How Was Seneca Protocol Exploited?
Learn how Seneca Protocol was exploited, resulting in a loss of assets worth $6.5 million.
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Learn how Wormhole was exploited, resulting in a total loss of over $326 million.
On February 2, 2022, the Wormhole bridge was exploited on the Solana network, allowing the attacker to mint 120,000 ETH, totaling over $326 million.
Wormhole is a decentralized, cross-chain message-passing protocol that enables applications to send messages from one chain to another.
The exploit was possible because of a flaw in the Wormhole contract's signature verification authorizations, which allowed the attacker to counterfeit a message from the Guardians and mint Wormhole wETH.
Wormhole is operated by a decentralized network of nineteen Guardians, who sign each transmitted message to guarantee its validity. The Guardians are also in charge of the Wormhole Network. The protocol employs a multi-party signature method, with a communication considered legitimate if signed by two-thirds of the Guardians. Any changes to the contracts or the protocol must also be approved by an absolute majority of the Guardians.
A portal is a token bridge built on the Wormhole network. It allows users to deposit funds into a contract on one chain and subsequently mint a wormhole-wrapped version of the token on another. A wormhole-authenticated message from the source chain contract is required for the minting function. This check verifies that Wormhole-wrapped tokens are backed up 1:1 by source chain contract tokens.
The portal's token minting program validates the source chain message before minting wormhole-wrapped tokens using the `verify_signatures` function. It makes use of information from the Solana runtime's instruction `sysvar` account.
When calling a function on Solana, the user can specify a number of arbitrary input accounts. Each program is responsible for validating that the provided accounts are the ones they expected.
However, the `verify_signatures` function did not assert that the user-supplied account was the special instruction `sysvar`. Therefore, an attacker was able to create an account and populate it with data to mimic the instruction `sysvar` account.
This forged instruction `sysvar` was then passed to the `verify_signatures` function to trick it into thinking that the signatures had been successfully verified. As a result, the attacker was able to successfully sign an arbitrary message in order to mint wormhole-wrapped tokens on Solana.
The attacker was first able to bypass the Guardians using a `SignatureSet` created in this transaction and then invoked a call to the ‘verify_signatures’ function on the main bridge.
The ‘verify_signatures’ function of the contract delegated the actual verification of the `SignatureSet` to a separate Secp256k1 program. Because of the issues with the `solana_program::sysvar::instructions`, the contract didn’t correctly verify the address being provided, allowing the attacker to provide an address containing just 0.1 ETH.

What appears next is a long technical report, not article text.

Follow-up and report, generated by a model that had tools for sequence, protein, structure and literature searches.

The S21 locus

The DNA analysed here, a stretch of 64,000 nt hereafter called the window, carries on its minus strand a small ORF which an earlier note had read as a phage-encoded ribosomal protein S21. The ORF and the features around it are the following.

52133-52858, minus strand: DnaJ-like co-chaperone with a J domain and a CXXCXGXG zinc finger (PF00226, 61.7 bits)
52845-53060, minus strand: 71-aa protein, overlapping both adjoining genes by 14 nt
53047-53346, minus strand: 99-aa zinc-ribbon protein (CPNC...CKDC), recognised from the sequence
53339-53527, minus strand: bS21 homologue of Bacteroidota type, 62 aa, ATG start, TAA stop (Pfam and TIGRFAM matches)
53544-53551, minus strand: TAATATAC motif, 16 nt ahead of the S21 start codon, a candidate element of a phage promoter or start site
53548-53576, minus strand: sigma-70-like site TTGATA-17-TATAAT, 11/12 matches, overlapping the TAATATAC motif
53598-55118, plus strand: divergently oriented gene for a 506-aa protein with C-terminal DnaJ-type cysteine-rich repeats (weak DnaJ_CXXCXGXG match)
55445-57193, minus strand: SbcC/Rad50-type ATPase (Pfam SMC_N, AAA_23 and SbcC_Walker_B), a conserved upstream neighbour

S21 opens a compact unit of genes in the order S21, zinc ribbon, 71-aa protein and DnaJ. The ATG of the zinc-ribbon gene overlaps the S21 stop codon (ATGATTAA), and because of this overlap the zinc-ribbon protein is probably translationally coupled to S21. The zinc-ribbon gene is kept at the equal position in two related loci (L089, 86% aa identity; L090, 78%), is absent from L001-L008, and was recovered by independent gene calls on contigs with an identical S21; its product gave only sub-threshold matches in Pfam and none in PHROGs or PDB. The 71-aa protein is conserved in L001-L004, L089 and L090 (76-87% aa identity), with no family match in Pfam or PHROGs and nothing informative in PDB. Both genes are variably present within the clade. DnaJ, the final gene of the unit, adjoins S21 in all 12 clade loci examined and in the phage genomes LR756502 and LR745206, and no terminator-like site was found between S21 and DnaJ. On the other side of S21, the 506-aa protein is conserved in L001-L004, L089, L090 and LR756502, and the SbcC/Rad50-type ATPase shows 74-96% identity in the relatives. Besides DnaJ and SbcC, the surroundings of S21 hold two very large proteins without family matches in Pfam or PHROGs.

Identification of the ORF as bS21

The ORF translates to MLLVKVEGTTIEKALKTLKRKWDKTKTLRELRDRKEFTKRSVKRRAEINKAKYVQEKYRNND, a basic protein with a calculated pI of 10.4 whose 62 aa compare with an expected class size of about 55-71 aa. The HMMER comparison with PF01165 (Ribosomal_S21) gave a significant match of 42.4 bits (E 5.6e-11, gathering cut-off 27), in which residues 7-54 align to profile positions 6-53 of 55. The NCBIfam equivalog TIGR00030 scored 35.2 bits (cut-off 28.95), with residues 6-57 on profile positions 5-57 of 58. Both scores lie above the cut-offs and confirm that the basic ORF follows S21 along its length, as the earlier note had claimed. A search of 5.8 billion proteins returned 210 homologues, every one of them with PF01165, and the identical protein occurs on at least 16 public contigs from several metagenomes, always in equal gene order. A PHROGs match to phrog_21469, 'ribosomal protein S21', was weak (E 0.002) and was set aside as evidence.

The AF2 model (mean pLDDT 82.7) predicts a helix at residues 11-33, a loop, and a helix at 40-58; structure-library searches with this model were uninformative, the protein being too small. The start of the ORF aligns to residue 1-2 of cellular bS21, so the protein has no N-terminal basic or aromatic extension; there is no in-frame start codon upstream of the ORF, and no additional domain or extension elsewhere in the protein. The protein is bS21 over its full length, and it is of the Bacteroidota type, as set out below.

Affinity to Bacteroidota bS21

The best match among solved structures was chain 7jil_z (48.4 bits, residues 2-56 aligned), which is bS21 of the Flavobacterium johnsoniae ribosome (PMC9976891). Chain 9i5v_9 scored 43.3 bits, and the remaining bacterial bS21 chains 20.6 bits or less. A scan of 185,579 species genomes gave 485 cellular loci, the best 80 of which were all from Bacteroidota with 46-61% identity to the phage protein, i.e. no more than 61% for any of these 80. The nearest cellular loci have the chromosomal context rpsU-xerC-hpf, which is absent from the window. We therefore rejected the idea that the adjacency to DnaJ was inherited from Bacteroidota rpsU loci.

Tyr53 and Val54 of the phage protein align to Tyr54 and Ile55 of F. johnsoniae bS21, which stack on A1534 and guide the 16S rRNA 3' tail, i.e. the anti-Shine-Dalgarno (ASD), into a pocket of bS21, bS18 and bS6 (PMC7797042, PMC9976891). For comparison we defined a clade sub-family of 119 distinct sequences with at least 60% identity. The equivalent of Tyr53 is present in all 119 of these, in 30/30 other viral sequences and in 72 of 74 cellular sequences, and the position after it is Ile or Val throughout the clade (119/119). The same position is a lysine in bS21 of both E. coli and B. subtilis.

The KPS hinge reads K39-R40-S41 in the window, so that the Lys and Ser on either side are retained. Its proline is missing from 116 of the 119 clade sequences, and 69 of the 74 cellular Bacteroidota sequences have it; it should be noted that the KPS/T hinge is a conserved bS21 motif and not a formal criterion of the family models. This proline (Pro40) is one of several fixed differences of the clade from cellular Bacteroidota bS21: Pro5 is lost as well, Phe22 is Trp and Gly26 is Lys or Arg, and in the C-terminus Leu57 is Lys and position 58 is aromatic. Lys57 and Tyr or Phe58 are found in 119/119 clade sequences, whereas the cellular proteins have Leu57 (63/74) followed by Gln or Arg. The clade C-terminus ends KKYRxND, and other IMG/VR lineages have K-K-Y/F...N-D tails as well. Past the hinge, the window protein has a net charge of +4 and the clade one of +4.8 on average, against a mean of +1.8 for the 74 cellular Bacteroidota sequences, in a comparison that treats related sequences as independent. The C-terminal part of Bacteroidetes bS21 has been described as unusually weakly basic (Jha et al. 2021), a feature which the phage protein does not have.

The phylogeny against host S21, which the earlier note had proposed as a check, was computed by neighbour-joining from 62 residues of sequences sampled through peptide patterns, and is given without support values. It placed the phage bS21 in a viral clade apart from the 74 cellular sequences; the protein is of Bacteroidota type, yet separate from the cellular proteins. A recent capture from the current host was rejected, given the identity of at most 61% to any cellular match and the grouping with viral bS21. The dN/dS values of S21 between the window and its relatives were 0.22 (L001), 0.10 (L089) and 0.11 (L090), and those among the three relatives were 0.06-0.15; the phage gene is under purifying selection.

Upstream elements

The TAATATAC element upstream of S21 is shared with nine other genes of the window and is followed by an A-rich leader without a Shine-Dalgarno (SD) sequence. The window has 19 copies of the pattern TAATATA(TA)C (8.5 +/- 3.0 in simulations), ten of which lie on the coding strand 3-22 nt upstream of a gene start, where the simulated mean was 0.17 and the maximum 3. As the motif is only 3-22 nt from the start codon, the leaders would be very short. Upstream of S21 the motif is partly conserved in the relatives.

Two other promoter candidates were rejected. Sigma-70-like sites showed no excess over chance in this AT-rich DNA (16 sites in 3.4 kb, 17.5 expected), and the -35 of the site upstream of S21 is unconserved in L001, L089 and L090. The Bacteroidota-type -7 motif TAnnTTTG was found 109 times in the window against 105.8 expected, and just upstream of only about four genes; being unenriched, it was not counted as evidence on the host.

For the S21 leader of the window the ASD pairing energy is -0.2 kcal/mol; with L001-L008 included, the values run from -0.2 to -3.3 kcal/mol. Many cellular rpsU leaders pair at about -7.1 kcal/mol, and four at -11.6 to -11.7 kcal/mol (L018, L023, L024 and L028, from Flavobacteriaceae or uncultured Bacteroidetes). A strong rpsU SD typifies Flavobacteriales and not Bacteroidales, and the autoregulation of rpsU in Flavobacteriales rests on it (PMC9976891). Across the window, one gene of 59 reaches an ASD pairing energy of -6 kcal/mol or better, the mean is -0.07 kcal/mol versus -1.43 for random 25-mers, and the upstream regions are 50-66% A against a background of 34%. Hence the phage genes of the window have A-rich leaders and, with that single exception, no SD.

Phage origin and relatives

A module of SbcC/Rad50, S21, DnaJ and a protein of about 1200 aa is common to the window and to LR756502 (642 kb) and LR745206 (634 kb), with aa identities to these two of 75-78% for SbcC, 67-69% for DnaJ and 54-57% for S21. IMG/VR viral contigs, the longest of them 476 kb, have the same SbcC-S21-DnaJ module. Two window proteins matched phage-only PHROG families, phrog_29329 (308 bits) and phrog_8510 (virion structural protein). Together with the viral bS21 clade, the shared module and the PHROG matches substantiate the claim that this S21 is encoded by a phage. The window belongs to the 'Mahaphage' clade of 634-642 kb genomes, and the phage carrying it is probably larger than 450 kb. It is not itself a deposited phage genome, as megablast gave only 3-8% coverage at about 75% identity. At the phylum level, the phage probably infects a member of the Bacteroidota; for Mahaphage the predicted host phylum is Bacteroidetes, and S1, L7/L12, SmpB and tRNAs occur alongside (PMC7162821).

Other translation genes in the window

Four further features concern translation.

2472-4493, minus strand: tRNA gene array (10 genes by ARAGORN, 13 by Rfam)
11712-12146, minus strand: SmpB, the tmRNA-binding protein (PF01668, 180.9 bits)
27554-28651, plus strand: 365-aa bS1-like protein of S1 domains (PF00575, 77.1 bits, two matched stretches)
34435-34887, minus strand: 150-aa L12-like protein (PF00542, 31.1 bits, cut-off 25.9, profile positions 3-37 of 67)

Thus, the attacker was able to fake the `SignatureSet`, and then invoke a call to the `complete_wrapped` function, thereby minting 120,000 wormhole-wrapped ether on Solana using the verification that had been created in this transaction.
The exploiter bridged 10,000 ETH, 3,750 ETH, and 80,000 ETH to the Ethereum Mainnet over the course of three different transactions. The remaining part of approximately 36,000 whETH, out of the 120,000 ETH, was swapped on Solana into SOL and USDC tokens.
The Wormhole network team established a war room conference call after the incident was identified. The call was among wormhole contributors from Jump Crypto, Neodyme, representatives from major stakeholders, and some external researchers. The contributors notified the Guardians of the possible exploit and informed them not to relay messages so that any further token transfers across the network could be paused.
The team also sent an on-chain message to the exploiter, offering bug bounty rewards of $10 million in hopes of recovering the stolen funds. They later issued a community alert highlighting the details of this incident. They also stated that the stolen assets would be replenished as a whole.
To prevent an attack like the Wormhole exploit on the Solana network, a holistic approach is crucial, encompassing improved contract design, security practices, and continuous monitoring. Robust validation of smart contract input parameters should be a fundamental step before executing any critical operation. Regular code reviews and external security audits play a pivotal role in identifying and proactively addressing vulnerabilities.
Continuous monitoring systems should be firmly established to promptly detect unusual activity, ensuring that rapid response protocols are in place to investigate and address any suspicious behavior swiftly. Incentivizing security researchers through bug bounty programs and fostering awareness among users and developers about potential risks and best practices remains imperative.
However, recognizing that vulnerabilities can surface despite rigorous security measures, collaboration with Neptune Mutual presents an innovative solution. Neptune Mutual was not available as a marketplace at the time of the event, thus the team had no way of recovering their funds. We may not have been able to prevent this hack from occurring, but we could have reduced or mitigated the aftermath of the attack to a greater extent. Had Wormhole partnered with Neptune Mutual to set up a dedicated cover pool before the incident, the fallout might have been significantly mitigated. Neptune Mutual specializes in offering coverage to users who may face losses due to smart contract vulnerabilities.
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